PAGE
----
We add six, and we used up two, which mean there are four electrons left so let's fill those in one two. Notice, my pattern, three, four, again, total of one, two, three, four, five six. So again, first energy level, holding to the second energy can hold up to eight, but it's holding six. Okay, that's. Great let's. Look at another example, sodium has an atomic number of 11. So we know it has 11 protons and 11 electrons.

If it's neutral, and we'll assume it is. Sodium has one two three energy levels again, you'll learn about the energy levels in a second. So I have 11 protons. Remember, the rule the first energy level can only hold up to two, so there's, one, two, the second one can hold up to eight. So one, two, three, four, five, six, seven, eight, okay, all right.

So that makes ten right, eight and two makes ten I have one more electron. These are my total electrons. So I need to use an extra energy level to get that - now 11 electrons. So if you care about the black. That's a total of 11 electrons, just a reminder, where are my valence?

Electrons? Remember, the outermost energy level is where I found my valence electrons and there's. Only one valence electron here on sodium. Okay, how about hydrogen valence? Electrons, one valence electron in hydrogen that's. Why they're in the same column?

How about carbon whew outermost energy level? One, two, three, four that's. Why?

Carbon is in column, four on the periodic table, just a refresher. Okay. So now that we've seen how these. Electrons are filling in let's go back to some of our terminology and refresh your memory, an energy level as we just saw has a sublevel within it. And within the sublevel there's, an orbital and again, I like to use this analogy. Hopefully this is looking familiar. Then an energy level represents the floors in a hotel.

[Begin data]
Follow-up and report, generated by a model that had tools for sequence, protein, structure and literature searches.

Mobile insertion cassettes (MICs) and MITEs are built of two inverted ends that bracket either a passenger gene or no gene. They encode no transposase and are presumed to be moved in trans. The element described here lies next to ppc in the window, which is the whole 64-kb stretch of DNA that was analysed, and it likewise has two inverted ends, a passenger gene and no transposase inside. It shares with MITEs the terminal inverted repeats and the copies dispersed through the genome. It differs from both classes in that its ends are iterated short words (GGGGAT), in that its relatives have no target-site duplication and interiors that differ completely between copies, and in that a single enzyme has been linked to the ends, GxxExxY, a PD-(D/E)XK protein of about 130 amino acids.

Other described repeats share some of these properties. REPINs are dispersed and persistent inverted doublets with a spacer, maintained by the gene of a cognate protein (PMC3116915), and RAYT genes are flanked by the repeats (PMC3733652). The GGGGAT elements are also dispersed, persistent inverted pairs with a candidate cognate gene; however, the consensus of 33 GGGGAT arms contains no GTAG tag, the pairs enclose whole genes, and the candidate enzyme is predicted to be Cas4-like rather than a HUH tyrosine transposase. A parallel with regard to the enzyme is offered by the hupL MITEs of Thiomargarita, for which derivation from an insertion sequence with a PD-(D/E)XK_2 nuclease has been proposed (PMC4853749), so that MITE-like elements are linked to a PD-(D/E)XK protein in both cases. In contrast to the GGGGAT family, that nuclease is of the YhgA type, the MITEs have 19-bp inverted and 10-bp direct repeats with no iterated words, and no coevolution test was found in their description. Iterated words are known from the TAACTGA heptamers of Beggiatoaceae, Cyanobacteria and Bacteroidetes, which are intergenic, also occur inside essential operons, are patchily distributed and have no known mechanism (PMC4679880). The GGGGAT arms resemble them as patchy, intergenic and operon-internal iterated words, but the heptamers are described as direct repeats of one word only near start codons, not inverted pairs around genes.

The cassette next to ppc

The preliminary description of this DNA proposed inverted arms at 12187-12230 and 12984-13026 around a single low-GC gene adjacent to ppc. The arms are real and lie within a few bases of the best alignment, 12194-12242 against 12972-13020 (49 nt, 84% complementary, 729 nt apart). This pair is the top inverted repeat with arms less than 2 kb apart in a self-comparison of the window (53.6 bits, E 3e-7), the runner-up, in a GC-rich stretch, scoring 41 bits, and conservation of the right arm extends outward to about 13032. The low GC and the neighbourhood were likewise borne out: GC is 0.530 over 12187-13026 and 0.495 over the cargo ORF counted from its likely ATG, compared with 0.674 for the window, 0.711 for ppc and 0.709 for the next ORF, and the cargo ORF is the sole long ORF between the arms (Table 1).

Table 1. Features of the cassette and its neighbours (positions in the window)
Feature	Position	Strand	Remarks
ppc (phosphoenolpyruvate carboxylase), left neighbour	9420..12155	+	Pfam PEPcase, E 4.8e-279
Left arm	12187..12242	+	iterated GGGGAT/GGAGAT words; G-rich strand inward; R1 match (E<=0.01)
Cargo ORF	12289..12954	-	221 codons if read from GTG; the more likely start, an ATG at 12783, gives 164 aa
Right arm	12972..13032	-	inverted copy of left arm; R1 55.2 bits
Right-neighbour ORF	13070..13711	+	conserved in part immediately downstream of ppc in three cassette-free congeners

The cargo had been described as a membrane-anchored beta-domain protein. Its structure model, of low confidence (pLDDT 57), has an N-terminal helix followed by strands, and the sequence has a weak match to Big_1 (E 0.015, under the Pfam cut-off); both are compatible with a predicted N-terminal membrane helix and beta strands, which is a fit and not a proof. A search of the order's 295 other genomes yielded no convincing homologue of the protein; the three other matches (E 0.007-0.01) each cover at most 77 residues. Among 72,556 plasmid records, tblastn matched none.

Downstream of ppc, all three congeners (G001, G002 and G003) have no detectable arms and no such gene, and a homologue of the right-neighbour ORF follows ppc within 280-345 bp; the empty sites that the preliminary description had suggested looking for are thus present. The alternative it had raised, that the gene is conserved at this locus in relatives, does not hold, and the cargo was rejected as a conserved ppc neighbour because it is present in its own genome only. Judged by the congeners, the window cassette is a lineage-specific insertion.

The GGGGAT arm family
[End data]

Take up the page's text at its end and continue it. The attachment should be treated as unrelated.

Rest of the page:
The sublevel is a represents of rooms and the orbitals represent the beds in the room and remember, this is how we actually can find or where we can find electrons. So electrons are. Actually kind of like sleeping in the beds that are found in the room that are on the floor of a hotel. So kind of like, where can we find you? You are in a bed that is found in a room in the hotel floor. So let's, take this analogy, just one step further and look at this.

Okay. So this represents a piece of the pie. And if we think of an ad on being a circle, and then I've just kind of cut out a piece of the circle, okay. And if you notice here, I have energy level 1 and is equal to energy level.

Energy. Level 2 3 and 4 1 is the smallest ring. And so it's, very, very small, there's, not a lot of room.